How much can you pack in to one minute, or 60 seconds? That’s a lot of air time, as broadcasters and advertisers know very well.
‘One Minute to Midnight‘ has been a favourite metaphor of dooms-dayers – and is the title of a 2008 book. It was widely used in relation to the world drawing closer to nuclear war during the second half of the 20th century.
Now, as global climate change surpasses fears of global nuclear war, we are given just one minute to save the world.
One Minute to Save the World is an international short film competition to raise awareness of climate change. Entries are currently being sought from professionals and amateurs, with 31 October 2009 as the deadline. There is also a category for under 18s and for entries shot on mobile phones.
The idea is to enable anyone, anywhere, to deliver a short but powerful message to the world on climate change. The winning films will be sent around the world in November as an online campaign to raise awareness of the Copenhagen Climate Conference in December 2009.British TV presenter and adventurer Bruce Parry, a founder of the competition, says: “Together we will be looking for films that convey a powerful message about how climate change affects you and those around you. Were you a flood victim? Have you seen a change in the plants and wildlife in your garden? How has your world been affected and how can we address it?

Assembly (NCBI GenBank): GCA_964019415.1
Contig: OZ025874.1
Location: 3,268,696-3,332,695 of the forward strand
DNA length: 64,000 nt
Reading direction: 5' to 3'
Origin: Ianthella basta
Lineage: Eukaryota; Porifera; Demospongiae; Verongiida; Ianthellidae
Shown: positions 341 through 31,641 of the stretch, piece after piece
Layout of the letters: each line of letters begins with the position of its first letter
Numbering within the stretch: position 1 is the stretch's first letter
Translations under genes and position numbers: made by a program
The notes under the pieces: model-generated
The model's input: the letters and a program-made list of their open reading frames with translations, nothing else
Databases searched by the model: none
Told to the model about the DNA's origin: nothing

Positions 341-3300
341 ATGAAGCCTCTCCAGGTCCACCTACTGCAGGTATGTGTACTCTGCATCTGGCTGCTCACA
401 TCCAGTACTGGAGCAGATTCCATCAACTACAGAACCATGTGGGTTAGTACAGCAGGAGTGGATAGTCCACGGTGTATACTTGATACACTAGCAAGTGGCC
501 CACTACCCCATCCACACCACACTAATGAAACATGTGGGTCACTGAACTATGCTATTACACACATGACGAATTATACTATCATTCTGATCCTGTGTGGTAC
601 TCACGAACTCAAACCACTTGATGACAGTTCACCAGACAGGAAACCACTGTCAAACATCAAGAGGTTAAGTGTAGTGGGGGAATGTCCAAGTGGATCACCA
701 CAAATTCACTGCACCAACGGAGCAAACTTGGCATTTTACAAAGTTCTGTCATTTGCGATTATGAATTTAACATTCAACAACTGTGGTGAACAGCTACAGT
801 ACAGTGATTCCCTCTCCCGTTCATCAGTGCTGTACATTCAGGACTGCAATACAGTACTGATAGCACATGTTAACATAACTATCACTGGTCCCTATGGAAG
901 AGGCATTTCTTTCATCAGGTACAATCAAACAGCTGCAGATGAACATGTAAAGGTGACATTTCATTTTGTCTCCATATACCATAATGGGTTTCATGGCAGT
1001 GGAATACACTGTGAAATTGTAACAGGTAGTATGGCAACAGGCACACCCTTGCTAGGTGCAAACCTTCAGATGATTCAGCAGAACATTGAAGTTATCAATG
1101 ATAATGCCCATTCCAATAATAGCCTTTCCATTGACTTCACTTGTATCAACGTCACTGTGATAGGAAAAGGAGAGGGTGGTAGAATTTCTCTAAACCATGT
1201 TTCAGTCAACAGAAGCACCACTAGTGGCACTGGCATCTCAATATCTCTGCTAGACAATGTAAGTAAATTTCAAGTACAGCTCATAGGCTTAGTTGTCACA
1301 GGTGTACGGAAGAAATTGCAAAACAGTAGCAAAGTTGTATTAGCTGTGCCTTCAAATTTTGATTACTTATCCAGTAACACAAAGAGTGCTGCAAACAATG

He adds: “So, we hope you’ll all get thinking and shooting – whether you’re a seasoned pro or just someone who cares. Your planet needs you and your talents. One minute might not seem like a long time but it’s actually longer than many advertisers spend hundreds of thousands of pounds on. It’s also an easy length of time to hold people’s attention. And that is one of the things we urgently need to do if we’re going to turn things around for our planet before it’s too late.”
The winning entries will be judged by an international panel that includes Parry himself, award-winning director and climate change activist Shekhar Kapur; Franny Armstrong, director of Age of Stupid and The Guardian‘s environment editor John Vidal.
The website will become an online film festival which requires no travel or celebrity status to attend – all you need is access to a computer. “And as everyone knows, the power of the net can make the most unexpected video attract the attention of millions globally,” says Bruce Parry.